The original pagoda was built in 975 AD, during Five Dynasties and Ten Kingdoms period, at the order of King Qian Chu (born Qian Hongchu) of Wuyue. It was built to celebrate the birth of Qian Chu's son, born to Queen Yu. The Leifeng Pagoda was an octagonal, five-story structure built of brick and wood and with a base built out of bricks.

    During the Ming dynasty, Japanese pirates attacked Hangzhou. Suspecting the pagoda contained weapons, they burned its wooden elements, leaving only the brick skeleton, as can be seen from Ming paintings of the West Lake.

    Leifeng Pagoda was one of the ten sights of the West Lake because of the Legend of the White Snake.

    Later, due to a superstition that the bricks from the tower could repel illness or prevent miscarriage, many people stole bricks from the tower to grind into powder. On the afternoon of September 25, 1924, the pagoda finally collapsed due to disrepair.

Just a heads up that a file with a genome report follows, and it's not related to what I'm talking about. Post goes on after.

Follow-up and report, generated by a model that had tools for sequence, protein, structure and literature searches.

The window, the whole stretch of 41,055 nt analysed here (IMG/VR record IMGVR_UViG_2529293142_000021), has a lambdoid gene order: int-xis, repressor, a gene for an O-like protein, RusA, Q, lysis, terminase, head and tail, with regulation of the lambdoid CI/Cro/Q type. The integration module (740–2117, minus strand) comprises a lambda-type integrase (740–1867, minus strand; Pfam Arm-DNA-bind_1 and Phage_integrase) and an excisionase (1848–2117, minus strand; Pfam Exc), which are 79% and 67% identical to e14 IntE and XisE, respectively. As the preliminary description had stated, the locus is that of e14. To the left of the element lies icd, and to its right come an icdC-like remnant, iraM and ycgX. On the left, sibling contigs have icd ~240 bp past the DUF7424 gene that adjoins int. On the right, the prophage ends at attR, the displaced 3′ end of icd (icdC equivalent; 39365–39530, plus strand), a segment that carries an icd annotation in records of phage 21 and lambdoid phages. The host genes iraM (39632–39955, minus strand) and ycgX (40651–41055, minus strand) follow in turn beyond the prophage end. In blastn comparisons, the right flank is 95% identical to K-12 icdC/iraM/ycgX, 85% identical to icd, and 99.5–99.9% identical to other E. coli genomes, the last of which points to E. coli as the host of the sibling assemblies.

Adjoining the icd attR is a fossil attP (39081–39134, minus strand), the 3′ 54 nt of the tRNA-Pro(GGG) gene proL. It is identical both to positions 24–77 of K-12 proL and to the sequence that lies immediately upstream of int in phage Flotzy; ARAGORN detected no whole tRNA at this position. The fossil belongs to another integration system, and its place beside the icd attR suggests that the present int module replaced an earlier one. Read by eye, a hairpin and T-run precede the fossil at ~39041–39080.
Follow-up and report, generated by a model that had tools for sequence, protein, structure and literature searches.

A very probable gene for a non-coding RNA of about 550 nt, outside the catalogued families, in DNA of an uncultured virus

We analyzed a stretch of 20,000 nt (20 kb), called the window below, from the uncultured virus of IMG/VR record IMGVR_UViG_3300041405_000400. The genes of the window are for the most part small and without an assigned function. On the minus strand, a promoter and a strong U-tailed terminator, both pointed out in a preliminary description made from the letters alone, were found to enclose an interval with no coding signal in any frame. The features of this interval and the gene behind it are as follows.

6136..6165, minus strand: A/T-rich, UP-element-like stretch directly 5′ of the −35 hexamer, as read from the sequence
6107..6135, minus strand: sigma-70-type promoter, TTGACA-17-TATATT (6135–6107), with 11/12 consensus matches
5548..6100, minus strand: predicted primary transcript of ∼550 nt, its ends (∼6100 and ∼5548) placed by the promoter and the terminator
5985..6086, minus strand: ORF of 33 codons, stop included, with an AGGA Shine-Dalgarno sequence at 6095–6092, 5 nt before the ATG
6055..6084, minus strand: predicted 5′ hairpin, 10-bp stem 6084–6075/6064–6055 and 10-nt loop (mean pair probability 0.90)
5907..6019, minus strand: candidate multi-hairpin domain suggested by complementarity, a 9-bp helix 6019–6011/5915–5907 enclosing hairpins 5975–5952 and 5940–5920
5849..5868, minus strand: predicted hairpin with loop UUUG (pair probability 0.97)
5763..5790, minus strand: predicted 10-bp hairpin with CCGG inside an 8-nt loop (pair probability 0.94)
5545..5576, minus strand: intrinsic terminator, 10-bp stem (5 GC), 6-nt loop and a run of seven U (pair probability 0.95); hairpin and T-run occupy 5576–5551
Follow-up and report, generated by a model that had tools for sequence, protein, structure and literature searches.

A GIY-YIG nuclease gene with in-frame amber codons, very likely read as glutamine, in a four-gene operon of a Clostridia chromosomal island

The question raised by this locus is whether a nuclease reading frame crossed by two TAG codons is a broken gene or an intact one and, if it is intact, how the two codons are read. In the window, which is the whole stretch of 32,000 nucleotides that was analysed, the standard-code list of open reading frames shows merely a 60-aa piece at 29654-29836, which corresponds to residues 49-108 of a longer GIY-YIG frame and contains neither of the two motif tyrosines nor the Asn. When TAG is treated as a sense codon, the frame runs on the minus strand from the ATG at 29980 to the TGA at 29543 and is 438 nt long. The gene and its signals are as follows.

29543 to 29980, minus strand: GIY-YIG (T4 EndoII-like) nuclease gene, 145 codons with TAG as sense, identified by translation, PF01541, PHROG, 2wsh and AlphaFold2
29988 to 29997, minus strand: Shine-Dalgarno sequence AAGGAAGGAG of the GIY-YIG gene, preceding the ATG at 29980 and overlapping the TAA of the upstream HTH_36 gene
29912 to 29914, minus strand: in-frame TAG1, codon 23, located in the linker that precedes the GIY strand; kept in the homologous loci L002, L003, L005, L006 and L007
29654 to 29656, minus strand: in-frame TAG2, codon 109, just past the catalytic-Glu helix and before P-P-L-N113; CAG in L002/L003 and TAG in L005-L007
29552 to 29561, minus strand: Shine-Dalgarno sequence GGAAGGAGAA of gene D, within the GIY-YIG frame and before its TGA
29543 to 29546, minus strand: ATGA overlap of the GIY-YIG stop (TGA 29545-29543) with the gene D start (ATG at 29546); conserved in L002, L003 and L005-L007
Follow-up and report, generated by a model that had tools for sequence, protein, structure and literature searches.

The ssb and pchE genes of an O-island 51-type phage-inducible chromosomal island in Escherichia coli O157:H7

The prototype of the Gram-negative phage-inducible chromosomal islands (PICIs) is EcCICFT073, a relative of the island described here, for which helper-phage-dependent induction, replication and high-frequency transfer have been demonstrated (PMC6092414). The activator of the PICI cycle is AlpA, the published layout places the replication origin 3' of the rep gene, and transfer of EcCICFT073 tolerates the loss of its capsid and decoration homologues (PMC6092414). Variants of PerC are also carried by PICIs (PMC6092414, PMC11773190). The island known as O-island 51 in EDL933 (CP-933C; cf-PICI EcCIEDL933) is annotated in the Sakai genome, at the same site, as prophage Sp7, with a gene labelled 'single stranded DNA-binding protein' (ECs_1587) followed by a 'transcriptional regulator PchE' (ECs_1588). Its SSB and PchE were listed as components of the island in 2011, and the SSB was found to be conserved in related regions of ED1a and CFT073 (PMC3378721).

As for whether there was a mausoleum below, this was debated for years until finally radar was used to investigate. On March 11, 2001 the mausoleum was excavated and many artifacts were found, most notably a gold and silver coated hair of the Buddha.

    Reconstruction[edit]
    In October 1999, the provincial and municipal governments decided to rebuild Leifeng Pagoda on top of the ruins of the old one. The new pagoda opened on 25 October 2002. It is composed of a 1400 tonne steel structure with 200 tonnes of copper parts. It contains four sightseeing elevators, and modern amenities such as air conditioners, televisions and speakers. At the entrance of the pagoda there are two autonomous escalators to carry visitors to the base of the pagoda.